Fresh calls for Treasury Secretary Tim Geithner's resignation are emerging following a new Bloomberg
report. At the peak of the financial meltdown, the Geithner-led New
York Fed instructed bailed-out insurance giant AIG to "to withhold
details from the public" about the insurer's payments to banks. Those
details included AIG's agreement to repay a number of banks $62.1
billion in toxic assets, a move many have criticized as "backdoor
bailouts." Why did the New York Fed want to hide the details? Speaking
for the skeptics, Reuters's Felix Salmon says we can only "assume the worst." Here's how other finance bloggers are parsing the new story:
- Now It All Makes Sense, writes Ed Morrissey at Hot Air: "Geithner and his cohorts wanted to make sure they covered their tracks while using AIG as both a whipping post and a money-laundering device in order to effect the rescue of politically-connected private institutions."
- Geithner Kept AIG Quiet to Advance His Career, suggests Felix Salmon at Reuters: "All of this secrecy coincided with Geithner’s nomination to be Treasury secretary, which makes the whole thing stink much more: was Geithner deliberately trying to keep anything potentially damaging secret for the sake of his own personal career progression?"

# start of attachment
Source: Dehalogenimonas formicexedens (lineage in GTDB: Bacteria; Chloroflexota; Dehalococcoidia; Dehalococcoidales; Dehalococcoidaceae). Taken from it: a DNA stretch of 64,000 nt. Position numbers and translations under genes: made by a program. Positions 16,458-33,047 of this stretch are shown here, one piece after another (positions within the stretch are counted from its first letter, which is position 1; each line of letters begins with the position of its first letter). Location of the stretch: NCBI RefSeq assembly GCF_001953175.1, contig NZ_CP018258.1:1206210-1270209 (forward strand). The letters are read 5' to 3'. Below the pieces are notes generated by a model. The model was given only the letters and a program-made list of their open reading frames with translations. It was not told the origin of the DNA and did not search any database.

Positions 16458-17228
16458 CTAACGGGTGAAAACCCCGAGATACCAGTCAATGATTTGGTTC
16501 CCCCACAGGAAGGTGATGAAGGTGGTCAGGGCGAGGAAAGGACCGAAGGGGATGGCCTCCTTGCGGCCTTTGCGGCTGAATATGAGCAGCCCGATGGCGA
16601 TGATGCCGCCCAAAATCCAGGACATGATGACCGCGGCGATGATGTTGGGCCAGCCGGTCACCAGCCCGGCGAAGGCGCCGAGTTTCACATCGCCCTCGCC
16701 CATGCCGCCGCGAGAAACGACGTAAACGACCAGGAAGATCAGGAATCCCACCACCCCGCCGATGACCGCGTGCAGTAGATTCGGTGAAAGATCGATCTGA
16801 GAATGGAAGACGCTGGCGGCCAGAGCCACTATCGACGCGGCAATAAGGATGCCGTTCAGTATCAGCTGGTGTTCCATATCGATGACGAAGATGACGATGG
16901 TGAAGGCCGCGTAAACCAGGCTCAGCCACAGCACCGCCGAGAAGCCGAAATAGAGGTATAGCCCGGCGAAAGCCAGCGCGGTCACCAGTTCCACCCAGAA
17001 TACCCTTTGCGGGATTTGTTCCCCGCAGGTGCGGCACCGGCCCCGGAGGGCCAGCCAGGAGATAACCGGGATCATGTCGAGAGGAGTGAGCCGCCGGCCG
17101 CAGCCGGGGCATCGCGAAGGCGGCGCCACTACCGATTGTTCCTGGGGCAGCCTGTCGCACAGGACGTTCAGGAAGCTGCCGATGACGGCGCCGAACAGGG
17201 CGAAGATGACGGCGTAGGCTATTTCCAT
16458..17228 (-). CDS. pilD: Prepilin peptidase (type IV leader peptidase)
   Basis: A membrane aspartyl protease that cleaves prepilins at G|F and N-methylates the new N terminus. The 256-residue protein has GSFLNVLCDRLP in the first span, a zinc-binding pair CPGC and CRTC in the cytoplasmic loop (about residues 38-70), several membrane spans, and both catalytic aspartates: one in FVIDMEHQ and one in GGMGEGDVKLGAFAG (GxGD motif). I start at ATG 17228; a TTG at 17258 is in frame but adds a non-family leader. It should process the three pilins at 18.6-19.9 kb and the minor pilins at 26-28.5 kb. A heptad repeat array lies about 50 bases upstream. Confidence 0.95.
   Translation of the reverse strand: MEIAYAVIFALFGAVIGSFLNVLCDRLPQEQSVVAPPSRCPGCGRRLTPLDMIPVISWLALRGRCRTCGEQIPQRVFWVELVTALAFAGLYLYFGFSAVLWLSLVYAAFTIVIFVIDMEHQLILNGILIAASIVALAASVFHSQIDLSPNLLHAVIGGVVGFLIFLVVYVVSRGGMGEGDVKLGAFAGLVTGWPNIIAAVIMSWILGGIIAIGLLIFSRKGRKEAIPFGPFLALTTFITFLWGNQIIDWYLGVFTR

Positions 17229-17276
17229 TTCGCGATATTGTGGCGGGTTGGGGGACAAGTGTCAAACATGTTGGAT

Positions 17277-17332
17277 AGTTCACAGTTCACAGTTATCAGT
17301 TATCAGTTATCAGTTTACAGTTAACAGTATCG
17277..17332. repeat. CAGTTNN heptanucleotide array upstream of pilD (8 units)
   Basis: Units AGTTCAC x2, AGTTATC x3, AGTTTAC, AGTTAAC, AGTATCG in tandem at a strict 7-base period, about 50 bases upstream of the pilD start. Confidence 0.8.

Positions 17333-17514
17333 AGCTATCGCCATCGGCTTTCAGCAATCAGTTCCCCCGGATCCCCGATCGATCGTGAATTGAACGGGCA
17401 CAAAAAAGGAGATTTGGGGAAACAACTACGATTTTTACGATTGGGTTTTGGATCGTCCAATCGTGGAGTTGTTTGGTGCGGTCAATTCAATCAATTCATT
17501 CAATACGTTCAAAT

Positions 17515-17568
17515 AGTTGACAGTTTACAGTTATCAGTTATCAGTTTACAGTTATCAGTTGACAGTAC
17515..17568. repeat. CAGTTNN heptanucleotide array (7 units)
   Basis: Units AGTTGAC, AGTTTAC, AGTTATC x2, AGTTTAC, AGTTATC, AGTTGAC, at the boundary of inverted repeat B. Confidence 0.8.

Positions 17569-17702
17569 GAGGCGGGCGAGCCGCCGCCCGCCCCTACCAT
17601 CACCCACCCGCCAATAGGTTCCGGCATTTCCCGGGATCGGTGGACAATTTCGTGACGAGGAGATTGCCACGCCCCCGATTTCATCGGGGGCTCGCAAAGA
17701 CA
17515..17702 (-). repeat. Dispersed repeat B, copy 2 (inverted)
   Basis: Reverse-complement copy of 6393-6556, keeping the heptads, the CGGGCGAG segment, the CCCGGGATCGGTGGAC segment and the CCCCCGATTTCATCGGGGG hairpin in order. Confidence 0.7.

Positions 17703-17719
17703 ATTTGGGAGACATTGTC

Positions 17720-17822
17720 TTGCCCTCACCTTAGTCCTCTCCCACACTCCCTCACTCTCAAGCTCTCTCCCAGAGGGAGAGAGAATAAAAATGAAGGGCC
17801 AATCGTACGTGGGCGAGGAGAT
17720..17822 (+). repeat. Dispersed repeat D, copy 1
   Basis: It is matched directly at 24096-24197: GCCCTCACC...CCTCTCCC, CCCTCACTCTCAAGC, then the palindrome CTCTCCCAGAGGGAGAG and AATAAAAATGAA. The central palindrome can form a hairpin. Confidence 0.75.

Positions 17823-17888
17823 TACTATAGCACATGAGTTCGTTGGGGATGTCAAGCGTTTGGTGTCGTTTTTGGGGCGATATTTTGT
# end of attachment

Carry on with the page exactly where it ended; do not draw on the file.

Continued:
- A Major Blow to Transparency, writes Michael Corkery at The Wall Street Journal: "These emails raise a far more serious and fundamental issue: The government hiding material financial information from the public. Disclosure is the bedrock of good government and market investing. Both seem compromised in the AIG bailout."
- Geithner Must Go, writes Edward Harrison at Credit Writedowns: "He was on the job when these firms levered up and took reckless risks that endangered our financial system. For him to absolve himself of responsibility is a disgrace. And to add insult to injury, we now learn that he urged a systemically important company to withhold evidence of his looting of taxpayers. Tim Geithner must go."
- Give Tim a Break, writes a sarcastic Jessica Pressler at New York Magazine: "To be fair, you can kind of see his reasoning. Allowing banks like Goldman Sachs and Société Générale to cash out their insurance in comatose insurance company AIG for 100 cents on the dollar, the $62.1 billion tab of which would ultimately be paid by the taxpayer, without even trying to get them to take a haircut — well, that just looked so bad. Like Anthony Marshall–forging-his-mother's-signature-on-her-will bad."